eBay can be a fun way to research WWI soldiers in a way that wouldn’t have been possible ten years ago. With the emerging databases of WWI soldier roster information and the ever-expanding capacity of Ancestry.com for genealogical data, WWI veterans are becoming easier and easier to research. In this case, I purchased a photo of two US officers posing in a French studio in March of 1919. The signature on the front and the inscription on the back give roughly enough information to make a positive identification. The standing officer is 2nd Lt. William H. Barry of Langley, Washington. He served with F. Co of the 28th Infantry Regiment, 1st Division during the American involvement in WWI. He was awarded the Distinguished Service Cross (DSC) for his bravery and extraordinary heroism in the breakthrough of the Hindenburg Line. A large percentage of his company became casualties and he assumed command after the CO was wounded. He reorganized the company and completed their objective under the rain of German machine fun fire.
To think, this photograph was obtained on an internet auction site for less than the price of a tank of gasoline and had been sitting in a pile of postcards for years before it was posted. I’m glad to provide this information – I hope a family member can find this post and learn a little about their ancestor!
Lt. William H. Barry (Standing)
Lt. Barry’s March 1919 Signature
BARRY, WILLIAM H. Second Lieutenant, U.S. Army
28th Infantry Regiment, 1st Division, A.E.F.
Date of Action: October 5, 1918 Citation:
The Distinguished Service Cross is presented to William H. Barry, Second Lieutenant, U.S. Army, for extraordinary heroism in action near Exermont, France, October 5, 1918. Assuming command of his company after his company commander and a major portion of the company became casualties, Second Lieutenant Barry reorganized his company and personally led it forward in the attack, successfully attaining his objective in the face of intense machine-gun and artillery fire. He constantly exposed himself to enemy fire in order to encourage and insure the protection of his men. General Orders No. 103, W.D., 1919
Home Town: Langley, WA
A recent purchase just arrived in my mailbox and I’ve been researching the details in hopes of identifying something interesting to write about. Well, this photo has a few good details that will hopefully help future collectors with identifying their WWI photographs!
57th Field Artillery Brigade
The first details that pop out are the accessories that these doughboys decided to wear into the studio. These small nuances of WWI photos really help researchers, reenactors and collectors understand that uniform and insignia regulations in 1918 were at time blurry, and interesting one-off uniform presentations did exist. In this case we see a handful of elements that are not typically found in photos of the period.
One soldier (far left) is wearing M1910 canvas gaiters, while the other two are sporting wool puttees.
All three doughboys are wearing French lettering on their caps denoting their specific unit affiliation. In this case, they are wearing the number 57 with a letter A. In any other scenario I would assume that this would place them within the 57th Infantry Regiment, Company A, or possibly 57th Pioneer Regiment, Company A. In this case, the next detail down drives the unit ID home. These letters and numbers are often seen on French collars.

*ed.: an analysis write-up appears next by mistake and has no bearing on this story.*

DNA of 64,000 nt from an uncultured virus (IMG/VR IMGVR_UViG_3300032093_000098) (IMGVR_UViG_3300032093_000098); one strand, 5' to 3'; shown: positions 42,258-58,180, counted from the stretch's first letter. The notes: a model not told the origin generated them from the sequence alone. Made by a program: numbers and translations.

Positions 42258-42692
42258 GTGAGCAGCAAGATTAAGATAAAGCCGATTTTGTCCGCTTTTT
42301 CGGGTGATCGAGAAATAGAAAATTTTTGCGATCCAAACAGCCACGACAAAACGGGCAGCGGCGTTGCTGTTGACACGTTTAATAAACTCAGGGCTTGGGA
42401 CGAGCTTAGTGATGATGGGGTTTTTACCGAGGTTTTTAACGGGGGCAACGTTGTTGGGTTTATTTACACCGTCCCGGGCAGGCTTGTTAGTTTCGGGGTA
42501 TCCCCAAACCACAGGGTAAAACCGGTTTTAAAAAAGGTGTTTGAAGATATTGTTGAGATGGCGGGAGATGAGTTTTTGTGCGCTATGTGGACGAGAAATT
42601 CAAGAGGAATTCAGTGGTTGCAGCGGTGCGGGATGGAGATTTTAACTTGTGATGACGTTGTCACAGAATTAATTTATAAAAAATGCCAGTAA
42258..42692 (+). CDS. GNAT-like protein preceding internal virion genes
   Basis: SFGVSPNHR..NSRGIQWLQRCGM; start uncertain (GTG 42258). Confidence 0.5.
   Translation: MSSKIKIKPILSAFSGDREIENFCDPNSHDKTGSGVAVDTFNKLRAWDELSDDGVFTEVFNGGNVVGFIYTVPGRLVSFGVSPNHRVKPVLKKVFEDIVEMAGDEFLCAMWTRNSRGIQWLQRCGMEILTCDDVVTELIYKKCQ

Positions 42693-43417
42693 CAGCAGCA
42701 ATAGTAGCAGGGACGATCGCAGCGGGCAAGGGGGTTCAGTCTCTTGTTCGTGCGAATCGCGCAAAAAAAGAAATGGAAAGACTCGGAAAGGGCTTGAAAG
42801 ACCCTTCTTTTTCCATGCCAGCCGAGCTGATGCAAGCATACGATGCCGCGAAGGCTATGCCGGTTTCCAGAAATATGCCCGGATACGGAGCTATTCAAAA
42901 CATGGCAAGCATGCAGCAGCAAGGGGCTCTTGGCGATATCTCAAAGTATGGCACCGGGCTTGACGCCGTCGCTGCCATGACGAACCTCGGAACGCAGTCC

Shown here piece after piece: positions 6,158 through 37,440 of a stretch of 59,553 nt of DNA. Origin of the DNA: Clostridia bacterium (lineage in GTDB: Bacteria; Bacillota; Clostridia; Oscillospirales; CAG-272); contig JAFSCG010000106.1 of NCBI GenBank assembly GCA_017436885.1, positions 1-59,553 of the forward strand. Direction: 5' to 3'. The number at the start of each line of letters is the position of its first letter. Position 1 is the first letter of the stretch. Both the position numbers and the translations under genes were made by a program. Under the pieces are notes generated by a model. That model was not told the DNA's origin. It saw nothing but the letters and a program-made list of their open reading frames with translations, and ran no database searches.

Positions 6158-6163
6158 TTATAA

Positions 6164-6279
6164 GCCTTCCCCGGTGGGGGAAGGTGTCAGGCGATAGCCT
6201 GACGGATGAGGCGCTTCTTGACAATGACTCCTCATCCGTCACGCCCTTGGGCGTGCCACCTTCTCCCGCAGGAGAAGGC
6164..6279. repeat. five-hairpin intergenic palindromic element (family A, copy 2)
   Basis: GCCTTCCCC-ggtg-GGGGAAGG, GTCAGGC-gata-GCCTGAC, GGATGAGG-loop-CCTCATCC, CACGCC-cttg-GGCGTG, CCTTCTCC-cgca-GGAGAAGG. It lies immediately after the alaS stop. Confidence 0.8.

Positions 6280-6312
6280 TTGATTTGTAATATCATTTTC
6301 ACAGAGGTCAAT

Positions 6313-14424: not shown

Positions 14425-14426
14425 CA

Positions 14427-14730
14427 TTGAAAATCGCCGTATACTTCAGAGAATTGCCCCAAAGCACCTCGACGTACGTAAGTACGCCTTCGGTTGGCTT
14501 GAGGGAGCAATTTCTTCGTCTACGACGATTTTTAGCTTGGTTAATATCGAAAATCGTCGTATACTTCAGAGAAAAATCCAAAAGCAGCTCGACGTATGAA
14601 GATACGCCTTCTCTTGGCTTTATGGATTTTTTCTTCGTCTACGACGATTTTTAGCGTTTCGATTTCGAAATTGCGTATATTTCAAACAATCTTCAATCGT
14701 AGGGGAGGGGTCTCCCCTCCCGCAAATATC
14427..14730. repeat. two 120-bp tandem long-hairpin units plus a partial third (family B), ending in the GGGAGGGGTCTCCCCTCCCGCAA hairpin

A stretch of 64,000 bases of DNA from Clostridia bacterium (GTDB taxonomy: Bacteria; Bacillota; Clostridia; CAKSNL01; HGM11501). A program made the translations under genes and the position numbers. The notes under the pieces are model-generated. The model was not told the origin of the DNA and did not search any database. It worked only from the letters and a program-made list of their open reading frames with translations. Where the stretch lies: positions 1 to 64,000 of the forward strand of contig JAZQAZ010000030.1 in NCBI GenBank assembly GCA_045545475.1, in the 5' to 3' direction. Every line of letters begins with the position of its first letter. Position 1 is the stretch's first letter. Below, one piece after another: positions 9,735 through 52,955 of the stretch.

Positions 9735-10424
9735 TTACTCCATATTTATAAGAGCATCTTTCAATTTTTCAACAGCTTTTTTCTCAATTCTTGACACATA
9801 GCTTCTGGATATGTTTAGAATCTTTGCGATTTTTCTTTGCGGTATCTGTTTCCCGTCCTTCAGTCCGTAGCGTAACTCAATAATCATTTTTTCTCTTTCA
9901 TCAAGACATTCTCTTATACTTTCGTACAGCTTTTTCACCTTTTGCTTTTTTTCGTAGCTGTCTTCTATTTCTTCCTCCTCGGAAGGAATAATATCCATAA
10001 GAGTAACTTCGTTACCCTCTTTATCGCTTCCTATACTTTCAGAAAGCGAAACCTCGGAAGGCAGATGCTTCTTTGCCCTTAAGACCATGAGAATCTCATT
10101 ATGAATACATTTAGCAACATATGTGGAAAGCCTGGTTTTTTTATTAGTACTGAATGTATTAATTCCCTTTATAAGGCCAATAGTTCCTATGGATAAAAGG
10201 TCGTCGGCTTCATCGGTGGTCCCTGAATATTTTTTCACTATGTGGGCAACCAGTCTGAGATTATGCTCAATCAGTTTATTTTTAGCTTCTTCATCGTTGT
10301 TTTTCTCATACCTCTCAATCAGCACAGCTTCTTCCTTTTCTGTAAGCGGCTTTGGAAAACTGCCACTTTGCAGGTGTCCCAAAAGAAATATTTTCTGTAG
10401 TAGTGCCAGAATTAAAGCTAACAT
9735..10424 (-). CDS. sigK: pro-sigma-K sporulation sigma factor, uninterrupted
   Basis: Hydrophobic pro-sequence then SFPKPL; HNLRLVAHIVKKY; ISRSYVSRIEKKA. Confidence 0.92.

French Cap Numbering
Officer’s Field Artillery Insignia
The soldier at the far right is wearing an officer collar insignia for a Field Artillery Regiment. An odd thing on an enlisted man, and especially odd at the center of the chest. Who knows?
All three are wearing watches! The first on the left has a pocket watch with fob and chain clipped to his shirt. The other two are wearing “trench watches” with kitchener straps. Interestingly, they both do not currently have crystal guards AKA “shrapnel guards” on the watch face to protect from wartime damage. These were popular amongst watch-wearing soldiers of WWI.
Field Artillery Ring
One detail that I always look for is the presence of a ring on WWI soldiers. The soldier at the far left is wearing a sterling silver Field Artillery ring – another clue that supports the 57th Field Artillery ID for this photo.
Oval Sterling Field Artillery Ring
In summary, the tiny details of a photo can actually make an unidentified WWI photo incredibly interesting and fun to dissect. These little nuances of wartime accessory can, at time make the difference between a $5.00 photo and a $50.00 photo to the discerning collector. It also helps expand knowledge into unknown areas of military material culture collecting. Pull out your magnifying glass and look through your collection!
The nature of the prolonged war that was WWI and the stalemate and boredom of life in the trenches left a lot of soldiers with time on their hands. Additionally, some soldiers were raised hunting deer, boar and other game in the forests of Europe and North America in the early 1900s. A rifle in the hands of these men could become a weapon that could do immense damage from one concealed trench to another. Today’s post will highlight a United States Marine who was shot through both eyes by a German sniper in October of 1918. But first, please check out this video on snipers during WWI by The Great War, a youtube channel with daily videos about events during WWI.
PFC. Andrew H. Knebel, 18th Company/5th Marine Regiment
PFC Andrew H. Knebel, 18th Co./5th Marines – Lost both eyes during WWI
The story behind the above photograph of PFC Andrew H. Knebel of the United States Marine Corps is one that pulls at the heartstrings of the American populace during the war. I was lucky enough to acquire the photo from a fellow collector/friend of mine who I had helped aid in the identification several years previous. A faintly scribbled name on the reverse of the image took several weeks to properly identify, but we were eventually able to track down the story of the blinded Marine in the photo. Taken in a Paris studio in 1918, PFC Knebel is posed with a French nurse who has taken the time to wheel him (note the wet wheelchair marks) into the studio from a nearby hospital.